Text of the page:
Part of managing asthma is learning what triggers your symptoms and how to avoid these things. But what if allergic asthma is affecting your ability to enjoy your own yard? It might seem like all of Mother Nature is against you, but there are lots of ways you can optimize your garden to reduce allergy and asthma triggers.
What triggers asthma outdoors?
Pollen – Pollen is a grainy substance that’s essential to many plants’ life cycles, spreading the male DNA required to fertilize and produce new seeds. Pollen is usually spread between plants by wind or with the help of birds and insects. Wind-borne pollen often ends up in the nasal passages of people, triggering allergic reactions and asthma.
Mold – Similar to pollen, mold releases spores that can become airborne and cause irritation in airways. Although mold may not be a deliberate inclusion in your yard or garden, these fungal organisms have the ability to grow just about anywhere relatively warm and damp.
Gardening with Asthma: Reducing allergens in the yard
1. Find female plants. Some species of plants are dioecious, meaning each individual is either male or female. Only the male plants in these species release pollen, making females a better choice for reducing allergies and asthma.
2. Avoid catkins. These drooping clusters of flowers (commonly seen on birch, willow, and oak trees) are especially notorious for spreading pollen through the air.
3. Choose plants that are pollinated by insects. Plants that depend on insects to spread their pollen generally produce larger, stickier grains of pollen that aren’t easily carried by wind.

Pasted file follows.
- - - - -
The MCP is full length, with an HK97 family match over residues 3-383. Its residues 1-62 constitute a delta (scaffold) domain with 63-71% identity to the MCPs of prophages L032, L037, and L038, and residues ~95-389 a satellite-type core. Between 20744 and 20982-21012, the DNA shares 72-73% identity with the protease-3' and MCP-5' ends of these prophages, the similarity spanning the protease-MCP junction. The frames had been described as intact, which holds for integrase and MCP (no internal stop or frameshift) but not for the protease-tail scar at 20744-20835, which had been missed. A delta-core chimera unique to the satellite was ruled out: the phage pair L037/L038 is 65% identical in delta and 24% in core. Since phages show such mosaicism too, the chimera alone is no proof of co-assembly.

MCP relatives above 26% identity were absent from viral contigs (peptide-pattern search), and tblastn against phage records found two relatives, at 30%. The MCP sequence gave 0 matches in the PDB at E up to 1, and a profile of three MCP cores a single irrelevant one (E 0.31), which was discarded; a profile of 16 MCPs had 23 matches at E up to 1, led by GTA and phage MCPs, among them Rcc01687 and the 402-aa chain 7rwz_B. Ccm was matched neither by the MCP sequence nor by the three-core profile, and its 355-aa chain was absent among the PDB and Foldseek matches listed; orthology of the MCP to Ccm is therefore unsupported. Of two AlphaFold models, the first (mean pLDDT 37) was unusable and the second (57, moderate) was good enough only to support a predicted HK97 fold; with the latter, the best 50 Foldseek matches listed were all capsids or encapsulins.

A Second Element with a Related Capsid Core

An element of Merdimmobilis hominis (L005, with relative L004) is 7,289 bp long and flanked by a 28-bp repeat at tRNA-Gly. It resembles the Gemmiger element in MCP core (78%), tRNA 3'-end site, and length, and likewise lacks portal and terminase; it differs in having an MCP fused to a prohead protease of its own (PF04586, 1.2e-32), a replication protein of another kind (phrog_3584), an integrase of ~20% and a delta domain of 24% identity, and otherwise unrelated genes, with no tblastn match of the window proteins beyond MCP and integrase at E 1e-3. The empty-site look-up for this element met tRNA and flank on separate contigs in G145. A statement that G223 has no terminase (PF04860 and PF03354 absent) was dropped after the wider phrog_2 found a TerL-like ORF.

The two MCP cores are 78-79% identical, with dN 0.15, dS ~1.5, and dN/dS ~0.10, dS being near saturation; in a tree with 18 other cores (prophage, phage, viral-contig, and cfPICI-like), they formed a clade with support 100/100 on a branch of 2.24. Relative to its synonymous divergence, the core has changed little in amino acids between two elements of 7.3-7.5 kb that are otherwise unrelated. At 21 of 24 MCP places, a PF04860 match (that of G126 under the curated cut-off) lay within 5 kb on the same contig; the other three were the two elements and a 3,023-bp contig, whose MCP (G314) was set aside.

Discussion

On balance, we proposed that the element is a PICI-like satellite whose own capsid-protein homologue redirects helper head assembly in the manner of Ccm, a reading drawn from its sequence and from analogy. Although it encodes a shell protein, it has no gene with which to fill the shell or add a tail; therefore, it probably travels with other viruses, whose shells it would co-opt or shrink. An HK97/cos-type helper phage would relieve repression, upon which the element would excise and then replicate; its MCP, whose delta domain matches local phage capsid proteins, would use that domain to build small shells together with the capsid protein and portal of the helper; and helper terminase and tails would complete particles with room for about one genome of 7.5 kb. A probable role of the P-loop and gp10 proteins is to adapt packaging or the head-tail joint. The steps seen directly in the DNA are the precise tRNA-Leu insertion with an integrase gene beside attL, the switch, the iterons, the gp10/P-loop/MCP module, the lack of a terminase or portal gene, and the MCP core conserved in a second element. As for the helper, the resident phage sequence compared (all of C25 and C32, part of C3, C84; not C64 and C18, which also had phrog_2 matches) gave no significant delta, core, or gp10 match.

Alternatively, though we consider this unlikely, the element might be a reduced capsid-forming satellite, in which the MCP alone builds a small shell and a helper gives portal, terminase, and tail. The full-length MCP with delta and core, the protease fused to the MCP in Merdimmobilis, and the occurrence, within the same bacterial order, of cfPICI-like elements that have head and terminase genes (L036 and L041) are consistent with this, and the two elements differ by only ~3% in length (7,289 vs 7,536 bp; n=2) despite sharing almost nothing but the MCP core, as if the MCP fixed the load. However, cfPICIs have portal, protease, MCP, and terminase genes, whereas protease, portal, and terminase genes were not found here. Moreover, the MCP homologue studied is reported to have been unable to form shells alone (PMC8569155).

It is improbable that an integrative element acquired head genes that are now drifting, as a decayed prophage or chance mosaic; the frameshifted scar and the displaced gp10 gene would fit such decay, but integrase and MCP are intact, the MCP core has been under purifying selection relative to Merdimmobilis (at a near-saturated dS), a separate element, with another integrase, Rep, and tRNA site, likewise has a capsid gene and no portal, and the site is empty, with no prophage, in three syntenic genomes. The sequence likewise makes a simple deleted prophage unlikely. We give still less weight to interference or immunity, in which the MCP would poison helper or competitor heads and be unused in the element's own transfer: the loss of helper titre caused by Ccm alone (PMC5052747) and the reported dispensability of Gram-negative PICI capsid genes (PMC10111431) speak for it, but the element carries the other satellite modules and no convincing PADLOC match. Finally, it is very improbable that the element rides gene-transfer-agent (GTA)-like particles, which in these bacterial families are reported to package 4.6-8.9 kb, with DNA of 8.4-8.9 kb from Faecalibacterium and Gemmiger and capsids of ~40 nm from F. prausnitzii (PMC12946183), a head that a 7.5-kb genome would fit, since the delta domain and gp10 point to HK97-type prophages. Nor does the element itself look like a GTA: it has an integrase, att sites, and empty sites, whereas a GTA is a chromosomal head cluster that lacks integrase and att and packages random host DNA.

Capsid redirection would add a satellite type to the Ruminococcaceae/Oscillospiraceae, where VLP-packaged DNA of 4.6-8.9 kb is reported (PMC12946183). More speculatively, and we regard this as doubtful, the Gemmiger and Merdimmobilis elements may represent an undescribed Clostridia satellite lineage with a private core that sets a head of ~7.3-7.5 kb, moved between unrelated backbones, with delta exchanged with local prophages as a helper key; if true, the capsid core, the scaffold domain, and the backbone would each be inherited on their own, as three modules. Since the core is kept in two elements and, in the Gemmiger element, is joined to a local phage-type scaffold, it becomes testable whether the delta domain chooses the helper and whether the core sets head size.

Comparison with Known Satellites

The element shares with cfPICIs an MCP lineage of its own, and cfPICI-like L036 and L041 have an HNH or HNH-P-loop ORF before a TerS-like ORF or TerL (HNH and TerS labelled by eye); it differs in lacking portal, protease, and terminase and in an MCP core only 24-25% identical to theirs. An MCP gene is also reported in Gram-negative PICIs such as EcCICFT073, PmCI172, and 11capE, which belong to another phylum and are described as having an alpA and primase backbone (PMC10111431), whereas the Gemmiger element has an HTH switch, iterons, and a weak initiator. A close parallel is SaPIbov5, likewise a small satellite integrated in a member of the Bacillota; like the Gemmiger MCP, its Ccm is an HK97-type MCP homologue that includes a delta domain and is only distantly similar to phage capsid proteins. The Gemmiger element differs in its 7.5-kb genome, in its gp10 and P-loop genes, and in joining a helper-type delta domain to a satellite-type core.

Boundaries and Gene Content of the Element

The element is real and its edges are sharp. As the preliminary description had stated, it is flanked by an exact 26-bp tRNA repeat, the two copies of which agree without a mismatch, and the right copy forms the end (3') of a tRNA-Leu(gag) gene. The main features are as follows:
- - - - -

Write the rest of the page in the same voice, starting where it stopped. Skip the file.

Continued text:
4. Big, bright flowers usually indicate a plant is insect pollinated. Some of the most popular low-allergy flowers include:
5. If you’re looking for low-pollen trees, try:
- Juniper (female)
- Star apple
6. Grass pollen is one of the biggest asthma triggers. Keep grass cut short to help reduce the amount of pollen released, or consider planting low-pollen grass like:
- Hybrid grasses that have been selectively developed to reduce pollen
- Buffalo grass (hardy, low water requirements)
- Augustine grass (good for warm temperatures but not drought resistant)
7. Adopt mold prevention strategies. Once mold has established itself in your yard it can be difficult to get rid of. These strategies can help to inhibit current mold populations and stop new ones from thriving:
- Give your lawn plenty of sun by pruning back shade trees, or replace grass with shade-loving plants.
- Water early in the day to give soil a chance to dry by night.
- Rake damp lawns to help them dry out (have someone non-allergic do this).
- Aerate lawns that are predisposed to mold.
8. Other tips for people with asthma who enjoy time outdoors:
- Keep a dedicated set of gardening clothes to prevent bringing irritants into your home.
- Shower or wash your hands thoroughly after working in the garden.
- Avoid spending time in your yard on particularly windy days or immediately before or after a thunderstorm.
- Check your local weather service for information on pollen counts. Stay indoors and keep windows shut when counts are high.
- Make sure you have a ready supply of asthma inhalers, and dispose of any expired medication.
Freeing your yard of asthma triggers is a good decision, but it won’t completely eliminate the chances of a flare-up while you’re enjoying the outdoors. Keeping good control of allergies and asthma with the medications prescribed by your doctor is the best way to ensure you don’t experience sneezes and wheezes every time you leave the house.
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DISCLAIMER: The content in this article is intended for informational purposes only. This website does not provide medical advice. In all circumstances, you should always seek the advice of your physician and/or other qualified health professionals(s) for drug, medical condition, or treatment advice. The content provided on this website is not a substitute for professional medical advice, diagnosis or treatment.